2) Introduction Line 86: In relation to estimation methods using HIV surveillance data, there are currently different developed methods, the use of which depends on the nature of available data. For example, the ECDC HIV Modelling Tool provides an example of available methods that are useful with availability of CD4 data (see van Sighem et al, Euro Surveill. 2017). Meanwhile, the method discussed in the present paper is useful and fitting in consideration of Japan’s data. I suggest more discussion of this issue, such as along the lines discussed here.
3) Methods Line 121: The statement “either undiagnosed or in incubation period” seems confusing to me. I think it is just simpler to state it as “undiagnosed HIV infected persons who have not developed AIDS”, or something along this line.
4) Results Line 235: It is interesting that there was no improvement in the frequency of diagnosis among females. This is worth discussing in the Discussion section and providing potential explanation(s). For example, could this relate to how females are being typically diagnosed, say through routine testing rather than VCT services?
5) Results Line 264: The higher diagnosis rate among females compared to males is worth discussing/explaining in the Discussion section (actually it is paradoxical and counter-intuitive). Why is this the case, even though the focus of VCT services in Japan is to target MSM, rather than women/heterosexual populations? Could this relate to how females are being actually diagnosed (say following the diagnosis of their spouse/partner)?
6) Discussion: A gap in the Discussion section is linking the results to the HIV epidemic among MSM in Japan, which is the core of the epidemic. Much of HIV incidence is believed to occur among MSM, but the paper hardly discusses this issue. What is and how did HIV prevalence among MSM change over time in Japan? Are there other and contextual data of the epidemic among MSM that can explain the results of this paper?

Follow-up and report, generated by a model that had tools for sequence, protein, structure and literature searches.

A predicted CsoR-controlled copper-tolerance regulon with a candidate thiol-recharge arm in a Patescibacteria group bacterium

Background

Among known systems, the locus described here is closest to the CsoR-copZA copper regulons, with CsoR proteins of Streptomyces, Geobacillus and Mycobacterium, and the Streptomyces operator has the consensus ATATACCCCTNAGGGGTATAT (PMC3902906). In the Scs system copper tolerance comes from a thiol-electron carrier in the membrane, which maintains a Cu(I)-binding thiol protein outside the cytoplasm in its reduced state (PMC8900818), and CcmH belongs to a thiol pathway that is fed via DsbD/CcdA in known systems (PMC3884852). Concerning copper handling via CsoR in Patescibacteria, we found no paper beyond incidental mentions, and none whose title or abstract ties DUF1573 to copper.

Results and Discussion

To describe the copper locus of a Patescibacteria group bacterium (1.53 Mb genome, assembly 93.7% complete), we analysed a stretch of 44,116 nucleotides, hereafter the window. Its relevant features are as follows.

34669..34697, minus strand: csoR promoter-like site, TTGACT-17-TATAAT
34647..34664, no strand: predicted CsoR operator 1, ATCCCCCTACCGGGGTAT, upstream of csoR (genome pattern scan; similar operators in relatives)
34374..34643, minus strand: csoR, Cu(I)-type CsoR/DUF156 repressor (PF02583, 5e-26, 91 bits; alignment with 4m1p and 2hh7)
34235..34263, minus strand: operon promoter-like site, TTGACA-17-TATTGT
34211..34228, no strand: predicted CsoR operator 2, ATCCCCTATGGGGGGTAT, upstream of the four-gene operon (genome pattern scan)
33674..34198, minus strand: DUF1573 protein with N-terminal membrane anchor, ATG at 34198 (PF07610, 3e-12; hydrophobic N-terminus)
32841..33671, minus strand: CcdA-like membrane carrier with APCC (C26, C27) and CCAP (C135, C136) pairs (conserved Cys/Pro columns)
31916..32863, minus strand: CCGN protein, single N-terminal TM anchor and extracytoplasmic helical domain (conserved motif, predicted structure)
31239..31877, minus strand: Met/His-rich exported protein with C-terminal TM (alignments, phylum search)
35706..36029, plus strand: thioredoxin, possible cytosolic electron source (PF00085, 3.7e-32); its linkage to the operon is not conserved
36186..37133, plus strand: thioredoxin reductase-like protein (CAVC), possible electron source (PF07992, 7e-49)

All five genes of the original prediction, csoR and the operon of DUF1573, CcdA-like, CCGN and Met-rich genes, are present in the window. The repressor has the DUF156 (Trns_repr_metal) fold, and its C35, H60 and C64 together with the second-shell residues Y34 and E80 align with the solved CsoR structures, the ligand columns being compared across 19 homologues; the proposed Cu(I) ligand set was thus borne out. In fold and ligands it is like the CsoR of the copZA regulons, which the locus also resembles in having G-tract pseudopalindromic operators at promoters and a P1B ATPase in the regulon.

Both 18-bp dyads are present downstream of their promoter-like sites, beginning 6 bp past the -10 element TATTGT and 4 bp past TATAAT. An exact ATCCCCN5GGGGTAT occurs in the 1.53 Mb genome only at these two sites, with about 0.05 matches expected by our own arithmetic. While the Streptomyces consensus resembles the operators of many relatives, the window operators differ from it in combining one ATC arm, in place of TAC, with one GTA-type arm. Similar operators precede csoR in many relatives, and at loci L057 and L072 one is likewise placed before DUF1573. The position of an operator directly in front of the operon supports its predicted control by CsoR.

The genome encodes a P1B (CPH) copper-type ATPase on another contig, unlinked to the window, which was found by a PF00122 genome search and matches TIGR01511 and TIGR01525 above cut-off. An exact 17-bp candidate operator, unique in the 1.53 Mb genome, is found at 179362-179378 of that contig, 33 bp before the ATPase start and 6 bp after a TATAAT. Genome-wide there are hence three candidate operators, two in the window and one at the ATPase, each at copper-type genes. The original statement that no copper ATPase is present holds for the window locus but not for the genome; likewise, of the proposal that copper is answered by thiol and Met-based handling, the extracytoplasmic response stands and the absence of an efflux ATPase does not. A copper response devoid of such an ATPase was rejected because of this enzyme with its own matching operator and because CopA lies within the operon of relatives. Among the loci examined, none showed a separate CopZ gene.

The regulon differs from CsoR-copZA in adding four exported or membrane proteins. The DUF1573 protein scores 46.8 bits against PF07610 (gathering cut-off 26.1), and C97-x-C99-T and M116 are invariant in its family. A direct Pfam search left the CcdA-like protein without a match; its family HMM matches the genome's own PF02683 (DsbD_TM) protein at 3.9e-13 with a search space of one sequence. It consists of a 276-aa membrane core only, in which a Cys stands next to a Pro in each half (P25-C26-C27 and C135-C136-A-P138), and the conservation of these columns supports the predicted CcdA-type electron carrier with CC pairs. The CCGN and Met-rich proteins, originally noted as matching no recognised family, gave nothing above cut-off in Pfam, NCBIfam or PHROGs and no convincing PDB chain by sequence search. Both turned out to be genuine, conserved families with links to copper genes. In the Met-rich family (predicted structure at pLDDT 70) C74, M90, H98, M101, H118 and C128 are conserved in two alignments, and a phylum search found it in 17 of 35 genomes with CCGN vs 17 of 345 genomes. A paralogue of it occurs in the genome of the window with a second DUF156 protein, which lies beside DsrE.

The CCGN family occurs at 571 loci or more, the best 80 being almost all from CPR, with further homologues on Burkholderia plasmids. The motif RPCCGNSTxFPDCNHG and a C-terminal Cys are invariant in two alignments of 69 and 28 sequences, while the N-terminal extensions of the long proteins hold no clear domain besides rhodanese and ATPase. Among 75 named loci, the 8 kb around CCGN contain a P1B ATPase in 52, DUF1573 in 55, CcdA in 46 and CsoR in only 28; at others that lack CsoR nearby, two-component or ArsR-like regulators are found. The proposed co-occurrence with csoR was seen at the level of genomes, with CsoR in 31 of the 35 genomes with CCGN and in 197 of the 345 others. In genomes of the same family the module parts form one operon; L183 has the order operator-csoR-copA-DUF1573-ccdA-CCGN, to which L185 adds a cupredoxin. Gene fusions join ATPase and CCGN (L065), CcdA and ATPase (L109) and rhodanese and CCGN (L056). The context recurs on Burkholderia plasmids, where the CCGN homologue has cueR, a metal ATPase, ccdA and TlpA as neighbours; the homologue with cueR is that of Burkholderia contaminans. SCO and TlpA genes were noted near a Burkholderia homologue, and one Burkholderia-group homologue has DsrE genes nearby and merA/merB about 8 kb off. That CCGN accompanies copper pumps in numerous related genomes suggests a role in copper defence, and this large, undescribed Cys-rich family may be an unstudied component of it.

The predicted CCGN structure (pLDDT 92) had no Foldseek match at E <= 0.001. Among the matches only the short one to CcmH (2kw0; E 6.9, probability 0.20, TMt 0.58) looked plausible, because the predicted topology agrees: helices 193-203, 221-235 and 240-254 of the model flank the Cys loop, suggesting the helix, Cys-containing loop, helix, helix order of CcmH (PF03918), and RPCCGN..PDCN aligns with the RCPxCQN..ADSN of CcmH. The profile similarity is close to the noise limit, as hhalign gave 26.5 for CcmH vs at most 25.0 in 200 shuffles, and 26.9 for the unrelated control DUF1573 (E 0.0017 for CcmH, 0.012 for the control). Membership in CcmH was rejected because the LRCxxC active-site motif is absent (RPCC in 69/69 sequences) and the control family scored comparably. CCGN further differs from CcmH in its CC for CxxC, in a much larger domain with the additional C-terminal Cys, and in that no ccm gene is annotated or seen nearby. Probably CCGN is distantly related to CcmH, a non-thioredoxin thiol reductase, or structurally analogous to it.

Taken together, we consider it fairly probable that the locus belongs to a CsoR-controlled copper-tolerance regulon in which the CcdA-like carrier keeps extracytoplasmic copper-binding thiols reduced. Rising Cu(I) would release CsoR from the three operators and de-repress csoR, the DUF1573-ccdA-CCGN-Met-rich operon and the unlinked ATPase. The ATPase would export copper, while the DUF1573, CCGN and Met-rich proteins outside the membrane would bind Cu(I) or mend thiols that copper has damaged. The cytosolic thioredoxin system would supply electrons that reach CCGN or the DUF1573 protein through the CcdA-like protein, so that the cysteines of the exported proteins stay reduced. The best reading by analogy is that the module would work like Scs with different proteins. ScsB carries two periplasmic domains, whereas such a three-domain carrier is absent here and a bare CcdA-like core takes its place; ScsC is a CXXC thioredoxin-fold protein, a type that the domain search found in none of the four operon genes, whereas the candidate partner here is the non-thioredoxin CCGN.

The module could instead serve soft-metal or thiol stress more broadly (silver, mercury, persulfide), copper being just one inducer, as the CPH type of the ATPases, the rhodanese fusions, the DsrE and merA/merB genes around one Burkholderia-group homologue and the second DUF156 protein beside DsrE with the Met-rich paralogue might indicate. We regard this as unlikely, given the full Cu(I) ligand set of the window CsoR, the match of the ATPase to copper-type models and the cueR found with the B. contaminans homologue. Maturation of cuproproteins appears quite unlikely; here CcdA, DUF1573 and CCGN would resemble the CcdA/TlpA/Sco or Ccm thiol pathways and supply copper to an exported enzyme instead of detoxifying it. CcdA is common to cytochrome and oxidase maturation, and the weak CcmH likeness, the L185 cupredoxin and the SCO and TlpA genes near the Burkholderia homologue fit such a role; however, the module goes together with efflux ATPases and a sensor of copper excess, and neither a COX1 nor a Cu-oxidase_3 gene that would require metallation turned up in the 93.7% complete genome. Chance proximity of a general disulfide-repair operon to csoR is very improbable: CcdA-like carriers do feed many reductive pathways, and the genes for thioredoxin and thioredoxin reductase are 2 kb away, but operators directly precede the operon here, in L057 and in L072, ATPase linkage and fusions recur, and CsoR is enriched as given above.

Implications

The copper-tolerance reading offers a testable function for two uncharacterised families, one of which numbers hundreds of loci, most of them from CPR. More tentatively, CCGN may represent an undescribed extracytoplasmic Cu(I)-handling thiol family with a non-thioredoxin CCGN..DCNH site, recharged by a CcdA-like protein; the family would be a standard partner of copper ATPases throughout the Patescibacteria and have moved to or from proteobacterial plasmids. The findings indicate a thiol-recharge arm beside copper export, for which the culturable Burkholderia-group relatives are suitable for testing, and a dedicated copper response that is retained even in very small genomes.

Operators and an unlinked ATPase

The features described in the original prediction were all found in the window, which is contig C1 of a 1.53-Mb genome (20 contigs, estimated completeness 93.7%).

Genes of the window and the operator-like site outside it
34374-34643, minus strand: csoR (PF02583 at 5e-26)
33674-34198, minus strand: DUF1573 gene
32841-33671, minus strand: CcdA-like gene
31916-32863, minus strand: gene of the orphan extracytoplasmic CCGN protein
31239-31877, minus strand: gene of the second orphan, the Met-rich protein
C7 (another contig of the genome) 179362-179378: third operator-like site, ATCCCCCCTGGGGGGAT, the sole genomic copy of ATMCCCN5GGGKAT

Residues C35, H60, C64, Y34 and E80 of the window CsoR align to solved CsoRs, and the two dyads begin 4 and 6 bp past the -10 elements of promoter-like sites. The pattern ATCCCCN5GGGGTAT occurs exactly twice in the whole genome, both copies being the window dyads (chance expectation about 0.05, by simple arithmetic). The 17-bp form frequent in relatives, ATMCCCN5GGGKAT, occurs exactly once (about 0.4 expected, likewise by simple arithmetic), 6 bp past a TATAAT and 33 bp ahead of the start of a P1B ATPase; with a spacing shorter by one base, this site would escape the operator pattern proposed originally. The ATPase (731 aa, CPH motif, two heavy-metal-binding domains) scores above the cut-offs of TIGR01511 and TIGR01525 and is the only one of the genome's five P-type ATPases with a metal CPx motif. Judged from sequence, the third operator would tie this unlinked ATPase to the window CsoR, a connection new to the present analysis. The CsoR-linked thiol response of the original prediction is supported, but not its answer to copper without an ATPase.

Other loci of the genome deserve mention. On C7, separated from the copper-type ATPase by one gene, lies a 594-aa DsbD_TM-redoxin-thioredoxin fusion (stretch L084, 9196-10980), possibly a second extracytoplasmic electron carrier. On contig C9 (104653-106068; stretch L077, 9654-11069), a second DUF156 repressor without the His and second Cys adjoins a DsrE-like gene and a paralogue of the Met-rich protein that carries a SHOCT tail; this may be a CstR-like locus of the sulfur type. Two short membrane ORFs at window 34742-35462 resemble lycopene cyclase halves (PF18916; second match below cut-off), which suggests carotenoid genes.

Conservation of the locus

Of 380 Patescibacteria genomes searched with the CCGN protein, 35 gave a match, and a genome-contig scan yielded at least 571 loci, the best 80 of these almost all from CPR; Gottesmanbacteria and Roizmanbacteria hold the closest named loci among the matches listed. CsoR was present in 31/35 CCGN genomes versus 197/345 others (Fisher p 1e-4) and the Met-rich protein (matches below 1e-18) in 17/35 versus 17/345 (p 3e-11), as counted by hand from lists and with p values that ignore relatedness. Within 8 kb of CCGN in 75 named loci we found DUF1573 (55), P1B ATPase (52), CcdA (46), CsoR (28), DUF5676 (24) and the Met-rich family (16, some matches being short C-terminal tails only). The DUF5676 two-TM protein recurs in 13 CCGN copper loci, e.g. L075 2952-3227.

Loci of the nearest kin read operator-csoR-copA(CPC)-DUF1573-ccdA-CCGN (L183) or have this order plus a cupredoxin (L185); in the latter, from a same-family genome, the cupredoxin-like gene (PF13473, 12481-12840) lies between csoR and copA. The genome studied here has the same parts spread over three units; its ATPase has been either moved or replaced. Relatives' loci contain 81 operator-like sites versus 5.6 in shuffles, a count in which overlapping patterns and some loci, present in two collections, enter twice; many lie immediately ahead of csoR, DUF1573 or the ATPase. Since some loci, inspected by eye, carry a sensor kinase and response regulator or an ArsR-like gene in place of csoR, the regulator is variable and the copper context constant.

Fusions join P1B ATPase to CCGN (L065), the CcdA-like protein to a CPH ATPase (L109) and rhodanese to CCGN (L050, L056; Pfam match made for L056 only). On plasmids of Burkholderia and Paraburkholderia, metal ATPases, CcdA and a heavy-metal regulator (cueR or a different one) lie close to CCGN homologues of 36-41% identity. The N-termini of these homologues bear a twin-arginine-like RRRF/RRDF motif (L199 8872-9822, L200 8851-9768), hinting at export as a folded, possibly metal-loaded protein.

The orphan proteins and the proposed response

7) Discussion: A related point, which is a limitation of the present study, is that the modeling method is on the descriptive indirect side, and does not directly model HIV transmission, such as among MSM, to generate such results. It is worth suggesting in the Discussion section that future work should build on this work to model HIV transmission in the population, with focus on the role of MSM.
8) Discussion: Another potential work that could build on this study is to attempt to use other data, such as CD4 count data among diagnosed infections, to generate similar results and examine the differences if any. Such application can also be useful to generate inferences about HIV cascade, which is critical to inform HIV response. I suggest discussing this point.
9) Discussion Line 304: The declines in HIV incidence is probably best explained by examining HIV transmission dynamics among MSM. I am aware of an earlier work to model the HIV epidemic among MSM in Japan (regrettably unpublished), that reached similar conclusions about the trend in HIV incidence, though through a very different approach. This is also supported by the scale-up of NGOs working with MSM in Japan. The authors may want to discuss this issue in some detail, as it provides important epidemiological context.
10) Please check the citations and references. For example, I do not seem to find the bibliography entry for the citation of Hall et al 2008.
11) Typo in Results Line 224: probability of diagnosis “has” monotonously improved…